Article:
NOPRO Demio SKY-D Takes 3rd Step on Podium at S-Tai Suzuka
Using last round’s disappointing retirement as a springboard, the NOPRO Demio SKY-D had undergone significant improvements and was looking in fine form during Friday’s free practice sessions where it got itself fully prepared for qualifying. During B-driver qualifying, Tanigawa marked the third fastest time and closed the gap with the Fit 3, which in the season opening around was 10 seconds faster, to be between 2-3 seconds within its time. It was now achieving speeds that were right up there with the Fit 2s.
Tanigawa served as starting driver in the final race and, beginning from 5th place, he jumped up to 3rd in the first lap. The safety car was dispatched in lap 20 when a vehicle from a different class crashed and at this point he went into the pits. After replacing tires and changing drivers to Tatsuya Nogami they sent the car back out onto the track. At this point incidents such as another team being penalized saw them rise up to ST-5 class leader. Tatsuya went on to display a solid drive and, at lap 42, changed over to Tanigawa. Although they would drop back down to 2nd during pit work, they maintained a large margin between themselves and the rest of the competition. Unfortunately, however, there would be another accident on the course that would force the SC to come back out again. With this the large margin they had built up was erased and when the race resumed with 8 laps remaining, a rival to their rear inched closer and closer and they fell back to 3rd with three laps remaining. Never giving in, Tanigawa remained right on the heels of the Fit 3 in 2nd and passed the checkered flag just 2 seconds behind at the end of the 3-hour race.
The DXL Aragosta NOPRO Demio SKY-D managed to end its debut season with a 3rd place podium finish and finished 4th in the series behind the three fits.
The two MZRacing family ST-4 class roadsters, the #54 TC CORSE (Kato/Kondo/Tsutsumi) and #88 Murakami Motors (Murakami/TOMISAN/Wakiya) went into this race with suspension settings focused on cornering. Within the 20-car crowded battleground of the ST-4 class, they went up against S2000s and Toyota 86s that were overwhelmingly fast in the two straights at Suzuka. On the other hand, the roadsters were clearly showing superior handling in the corners. Against this backdrop the #88 Murakami Roadster experienced some trouble. With an overheating issue that saw water temperature rise over 100°C, they were forced to abandon their time attack. On the other hand, the #54 TCR Roadster saw its B-driver record a time of 2’22’’84 that was right up their with its rivals and secured 11th place out of the 20 competitors. Despite not carrying out an all out time attack, the #88 Murakami Motors also passed through qualifying to see them starting the race from 16th. After qualifying was concluded, the Murakami Motors mechanics were forced to carry out engine replacement work.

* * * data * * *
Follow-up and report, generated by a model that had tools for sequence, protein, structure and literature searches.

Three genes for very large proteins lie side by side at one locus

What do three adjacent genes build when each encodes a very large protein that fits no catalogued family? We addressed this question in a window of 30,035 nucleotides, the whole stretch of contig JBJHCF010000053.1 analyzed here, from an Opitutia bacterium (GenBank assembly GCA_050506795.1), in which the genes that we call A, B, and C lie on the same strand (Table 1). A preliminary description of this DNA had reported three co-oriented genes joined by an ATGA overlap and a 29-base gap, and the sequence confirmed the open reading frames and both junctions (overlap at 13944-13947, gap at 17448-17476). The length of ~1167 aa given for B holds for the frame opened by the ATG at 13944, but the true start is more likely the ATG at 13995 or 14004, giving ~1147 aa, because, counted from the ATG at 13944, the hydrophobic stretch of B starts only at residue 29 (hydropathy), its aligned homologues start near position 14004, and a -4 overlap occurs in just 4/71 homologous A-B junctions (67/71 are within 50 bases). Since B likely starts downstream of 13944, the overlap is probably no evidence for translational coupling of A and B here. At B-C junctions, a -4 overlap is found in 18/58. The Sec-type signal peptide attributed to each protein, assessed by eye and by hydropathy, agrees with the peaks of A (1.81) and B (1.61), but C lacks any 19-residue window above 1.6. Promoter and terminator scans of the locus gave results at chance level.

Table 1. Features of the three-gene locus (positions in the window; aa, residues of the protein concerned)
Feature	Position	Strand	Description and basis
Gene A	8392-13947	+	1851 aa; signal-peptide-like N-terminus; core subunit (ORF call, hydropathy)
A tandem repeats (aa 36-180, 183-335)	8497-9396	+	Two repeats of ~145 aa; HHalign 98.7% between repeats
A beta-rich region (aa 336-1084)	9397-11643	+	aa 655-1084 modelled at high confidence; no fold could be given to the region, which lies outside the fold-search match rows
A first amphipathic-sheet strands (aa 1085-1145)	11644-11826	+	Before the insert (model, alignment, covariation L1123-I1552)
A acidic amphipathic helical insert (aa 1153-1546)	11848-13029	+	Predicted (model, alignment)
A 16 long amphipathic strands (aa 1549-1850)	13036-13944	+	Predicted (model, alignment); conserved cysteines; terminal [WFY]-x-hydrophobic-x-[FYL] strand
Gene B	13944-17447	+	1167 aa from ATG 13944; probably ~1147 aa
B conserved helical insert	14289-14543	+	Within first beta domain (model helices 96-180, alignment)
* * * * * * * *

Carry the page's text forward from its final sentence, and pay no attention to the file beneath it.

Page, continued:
On the 25th (Sun) Suzuka Circuit was blessed with fine autumn weather and with a large number of spectators out to watch, the 46 cars began the 3-hour endurance race at 1:00pm. The #54 TC CORSE progressed through the race in excellent condition and steadily rose through the ranks of the melee to be engaging in a battle for 4th. Then, at about the 40-minute mark, the safety car was dispatched. At this point all competitors went into the pits and #54’s Kato handed the wheel over to Tsutsumi. However, just a few laps after this the SC was dispatched again and they were forced into slow laps around the course. The SC would be sent out one more time after this, which significantly reduced their margin so that they were forced into a tough battle for position in the ST-4 class. The two roadsters fought diligently to take advantage of their cornering performance and reduce tire wear. However, with the SC being dispatched as many as three times, their rivals were also able to keep tire deterioration to a minimum and their advantage was minimized.
With approximately 40 minutes remaining, one of the two ST-4s that were battling in front of the #88 forcibly tried to overtake at the hairpin. Ultimately it made contact with the other vehicle, lost control and slammed into the side of the #88. This caused the #88 to crash headlong into the guardrail on the outside of the hairpin exit and forced a retirement. Speeding towards the finish line, the #54’s Kondo was undertaking a fierce battle for 6th place and as he passed the control line on the last lap was crowded together with three ST-4s with only a second’s difference between them. Although it was a spectacular fight, the #54 ultimately finished the race in 8th.
After the race, Murakami related, “It was a shame we were forced to retire but the most important thing is that all our drivers are safe.” Kato followed up saying, “We were running at an even faster pace than expected so I can’t help but think the timing of the pace car worked against us. Still I’m proud of the fact that we have successfully completed 12 races in a row without incident since last season.”
The Super Taikyu came to a close with this round 6 race. With the SKY-D Demio taking a podium, each of the Mazda teams have come away from the season having attained positive results. We can’t wait to see what the 2016 season has in store for us.
Photo by S. Hattori